M3P Part 2 Draft Guidance: Key Takeaways for Pharmacies & Part D Sponsors

Last week, we wrote about the member communication provisions contained in the Medicare Prescription Payment Plan (M3P) Part 2 draft guidance. Part 2 of the M3P draft guidance also provided additional information about pharmacy processes. CMS likely received questions and feedback about non-standard pharmacy situations and aimed to address them in the draft guidance.

For example, plans must notify a pharmacy when an M3P enrollee incurs out-of-pocket costs that would exceed the currently undefined likely-to-benefit threshold and ensure the pharmacy provides a Likely to Benefit Notice when the member picks up the prescription. But what happens if there is additional supplemental coverage, it’s late in the year, or there isn’t direct contact with an enrollee?

In the Part 2 M3P draft guidance, CMS addressed those questions:

Pharmacy Processes for Part D Enrollees with Supplemental Coverage

A few Part D enrollees have supplemental coverage, like a State Pharmaceutical Assistance Program (SPAP). As a result, the final patient out-of-pocket may be lower than the likely-to-benefit notification threshold after those supplemental payments but not before.

As a result, CMS will provide language on the model Likely to Benefit Notice recommending those with supplemental coverage seek advice about their situation before enrolling in the M3P. CMS also advises plan sponsors to inform customer service representatives that they may need to review additional records to determine supplemental coverage.

Pharmacy Point of Sale Notifications Late in the Year

Because of the way CMS designed the first month and subsequent month M3P billing calculations, those who enroll late in the year may not see any benefit from enrolling. They may need to pay the entire prescription cost in the first month if they enroll in the final quarter of the year. As a result, CMS wants plan sponsors to ensure customer service representatives understand how the calculation may impact late-year enrollees.

Pharmacy Point of Sale Notifications in Retail and Non-Retail Pharmacies

As mentioned above, plans must ensure that pharmacies deliver Likely-to-Benefit notices to those above the out-of-pocket threshold. That applies even if the enrollee visits the pharmacy and declines to fill a prescription. CMS also encourages pharmacies to leverage other modes to deliver the Likely to Benefit Notice, for example, through a patient portal or email.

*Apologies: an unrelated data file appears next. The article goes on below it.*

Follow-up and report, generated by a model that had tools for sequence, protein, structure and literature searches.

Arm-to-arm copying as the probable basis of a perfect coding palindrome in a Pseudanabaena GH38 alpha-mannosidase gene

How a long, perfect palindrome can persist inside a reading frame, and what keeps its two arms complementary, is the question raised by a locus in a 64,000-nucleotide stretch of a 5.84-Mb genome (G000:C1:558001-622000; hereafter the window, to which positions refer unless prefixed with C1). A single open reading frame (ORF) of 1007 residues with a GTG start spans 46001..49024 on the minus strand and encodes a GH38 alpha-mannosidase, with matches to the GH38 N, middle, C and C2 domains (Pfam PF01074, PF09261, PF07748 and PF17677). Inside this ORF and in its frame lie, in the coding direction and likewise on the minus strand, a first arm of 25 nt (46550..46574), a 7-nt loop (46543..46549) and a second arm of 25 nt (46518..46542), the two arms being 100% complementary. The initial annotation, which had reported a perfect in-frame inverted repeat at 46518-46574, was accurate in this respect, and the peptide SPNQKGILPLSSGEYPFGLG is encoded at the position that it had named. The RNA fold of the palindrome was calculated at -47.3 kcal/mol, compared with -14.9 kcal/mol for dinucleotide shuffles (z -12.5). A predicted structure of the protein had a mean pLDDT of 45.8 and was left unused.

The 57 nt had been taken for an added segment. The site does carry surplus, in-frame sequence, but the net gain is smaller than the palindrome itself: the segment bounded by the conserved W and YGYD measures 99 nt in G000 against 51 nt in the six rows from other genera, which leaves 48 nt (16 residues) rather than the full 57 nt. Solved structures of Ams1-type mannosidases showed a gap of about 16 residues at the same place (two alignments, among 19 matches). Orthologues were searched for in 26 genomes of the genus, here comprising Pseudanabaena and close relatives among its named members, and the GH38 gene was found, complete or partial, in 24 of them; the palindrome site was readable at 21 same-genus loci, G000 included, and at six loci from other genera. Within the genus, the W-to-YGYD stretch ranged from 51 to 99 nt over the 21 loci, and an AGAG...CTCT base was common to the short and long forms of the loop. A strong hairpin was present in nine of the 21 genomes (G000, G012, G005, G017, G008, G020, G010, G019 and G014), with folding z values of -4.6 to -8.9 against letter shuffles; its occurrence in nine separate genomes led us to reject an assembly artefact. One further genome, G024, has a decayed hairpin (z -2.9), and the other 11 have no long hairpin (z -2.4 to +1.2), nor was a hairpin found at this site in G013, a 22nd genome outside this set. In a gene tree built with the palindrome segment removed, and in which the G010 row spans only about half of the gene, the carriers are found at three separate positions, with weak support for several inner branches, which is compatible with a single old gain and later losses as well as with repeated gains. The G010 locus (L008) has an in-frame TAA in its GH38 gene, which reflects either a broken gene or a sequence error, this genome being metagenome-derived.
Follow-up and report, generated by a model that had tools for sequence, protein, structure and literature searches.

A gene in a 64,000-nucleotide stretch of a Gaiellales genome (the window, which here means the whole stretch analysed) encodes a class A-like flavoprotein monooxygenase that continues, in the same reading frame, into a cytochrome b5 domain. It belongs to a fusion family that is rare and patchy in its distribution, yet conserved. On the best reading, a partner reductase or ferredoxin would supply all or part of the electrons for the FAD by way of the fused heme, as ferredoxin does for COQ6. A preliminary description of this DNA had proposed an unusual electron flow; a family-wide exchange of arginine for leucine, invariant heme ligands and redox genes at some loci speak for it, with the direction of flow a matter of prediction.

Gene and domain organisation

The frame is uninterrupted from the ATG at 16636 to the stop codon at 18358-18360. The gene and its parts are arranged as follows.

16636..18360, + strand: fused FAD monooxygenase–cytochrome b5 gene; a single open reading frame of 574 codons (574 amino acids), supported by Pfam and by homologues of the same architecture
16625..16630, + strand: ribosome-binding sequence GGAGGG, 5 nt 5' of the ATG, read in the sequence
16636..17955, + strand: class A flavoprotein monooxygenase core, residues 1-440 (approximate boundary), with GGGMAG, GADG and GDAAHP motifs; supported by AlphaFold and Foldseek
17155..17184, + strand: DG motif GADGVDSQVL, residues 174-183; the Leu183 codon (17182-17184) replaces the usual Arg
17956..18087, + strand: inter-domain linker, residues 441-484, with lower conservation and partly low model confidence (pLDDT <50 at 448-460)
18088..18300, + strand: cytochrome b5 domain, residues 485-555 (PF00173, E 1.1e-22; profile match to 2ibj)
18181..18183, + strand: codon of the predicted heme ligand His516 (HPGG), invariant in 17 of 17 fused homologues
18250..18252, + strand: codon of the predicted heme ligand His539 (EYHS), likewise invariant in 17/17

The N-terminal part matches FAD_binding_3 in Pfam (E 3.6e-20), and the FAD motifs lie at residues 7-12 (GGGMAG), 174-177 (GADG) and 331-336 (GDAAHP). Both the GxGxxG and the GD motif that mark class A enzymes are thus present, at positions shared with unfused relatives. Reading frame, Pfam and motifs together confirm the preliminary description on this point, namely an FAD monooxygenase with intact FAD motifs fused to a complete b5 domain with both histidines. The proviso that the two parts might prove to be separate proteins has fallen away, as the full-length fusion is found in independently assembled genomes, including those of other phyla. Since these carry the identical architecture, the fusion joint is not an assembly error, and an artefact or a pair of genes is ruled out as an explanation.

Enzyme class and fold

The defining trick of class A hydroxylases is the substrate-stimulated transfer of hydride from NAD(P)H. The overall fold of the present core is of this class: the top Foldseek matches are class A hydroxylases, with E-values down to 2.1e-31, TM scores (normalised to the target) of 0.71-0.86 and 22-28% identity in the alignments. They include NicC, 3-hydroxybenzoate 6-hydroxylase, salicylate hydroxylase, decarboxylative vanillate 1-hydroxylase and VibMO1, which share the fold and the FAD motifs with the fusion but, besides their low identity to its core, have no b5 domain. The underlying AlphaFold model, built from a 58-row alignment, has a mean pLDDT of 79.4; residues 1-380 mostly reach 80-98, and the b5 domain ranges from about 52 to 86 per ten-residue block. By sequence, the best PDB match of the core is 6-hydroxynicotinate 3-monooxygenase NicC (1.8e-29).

Long-term Care Pharmacies

Long-term care pharmacies typically don’t have direct contact with an enrollee. Instead, they dispense the drug to the long-term care facility. As a result, the plan sponsor can require the long-term care pharmacy to provide the Likely to Benefit Notice during its typical billing process.

They also may not collect cost-sharing directly from the enrollee but may instead bill the long-term care facility. As a result, plan sponsors should work with the participant, their representative, and the long-term care pharmacy to determine the best billing approach.

Indian Health Services (IHS), Tribe and Tribal Organization, and Urban Indian Organization (I/T/U) Pharmacies

Because I/T/U pharmacies provide eligible IHS enrollees with no-cost prescription drugs at I/T/U pharmacies, the pharmacy collects no payment at the point of sale. As a result, Part D sponsors do not need to notify these pharmacies that the enrollee is likely to benefit from the program.

Additionally, if a plan sponsor received an M3P claim from the I/T/U pharmacy for an IHS enrollee, it should reject it because there’s typically no out-of-pocket cost. It should also ensure that customer service representatives know that IHS enrollees who only use I/T/U pharmacies will not benefit from the M3P program.

Other Pharmacy Types

If the pharmacy does not have in-person contact with an enrollee, plan sponsors must have the pharmacy call the enrollee (or contact them by another preferred method) to relay information in the Likely to Benefit Notice.

Readjudicating Claims for New Participants

In some cases, enrollees may arrive at the pharmacy, read the Likely to Benefit Notice and leave without their prescriptions. They’ll sign up for the Medicare Prescription Payment Plan and then return for their prescriptions.

Per CMS, the pharmacy must reverse and reprocess those claims so that the enrollee pays $0 at the pharmacy. However, that only applies to prescriptions the member did not pick up. If the member had multiple prescriptions and decided to take home two prescriptions, signed up for the M3P, and then came back to pick up a third prescription, those two prescriptions the member took home before the enrollee signed up for the M3P, those prescriptions would not be reprocessed.

Bidding Guidance

Because any unsettled M3P balances owed by participants are considered plan losses, CMS plans to modify the Part D bid pricing tool to reflect projected losses from the M3P program. The Part D bid pricing tool will reflect those losses as administrative costs.

Medical Loss Ratio

Unsettled M3P balances also impact the Medical Loss Ratio (MLR) calculation. Because unsettled M3P balances are considered plan losses and administrative costs, they will be removed from the MLR numerator.

Monitoring and Compliance

CMS indicated it will deliver additional guidance regarding PDE reporting as part of new PDE reporting instructions, available in spring 2024. Part One of the M3P draft guidance contains more information about other monitoring and compliance programs.

Audits

CMS noted that it may perform audits of sponsors’ M3P implementation.

Reporting Guidance

Finally, CMS indicated it doesn’t expect any changes to DIR calculations or reporting as a result of the M3P.

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Navigating the Medicare Prescription Payment Plan

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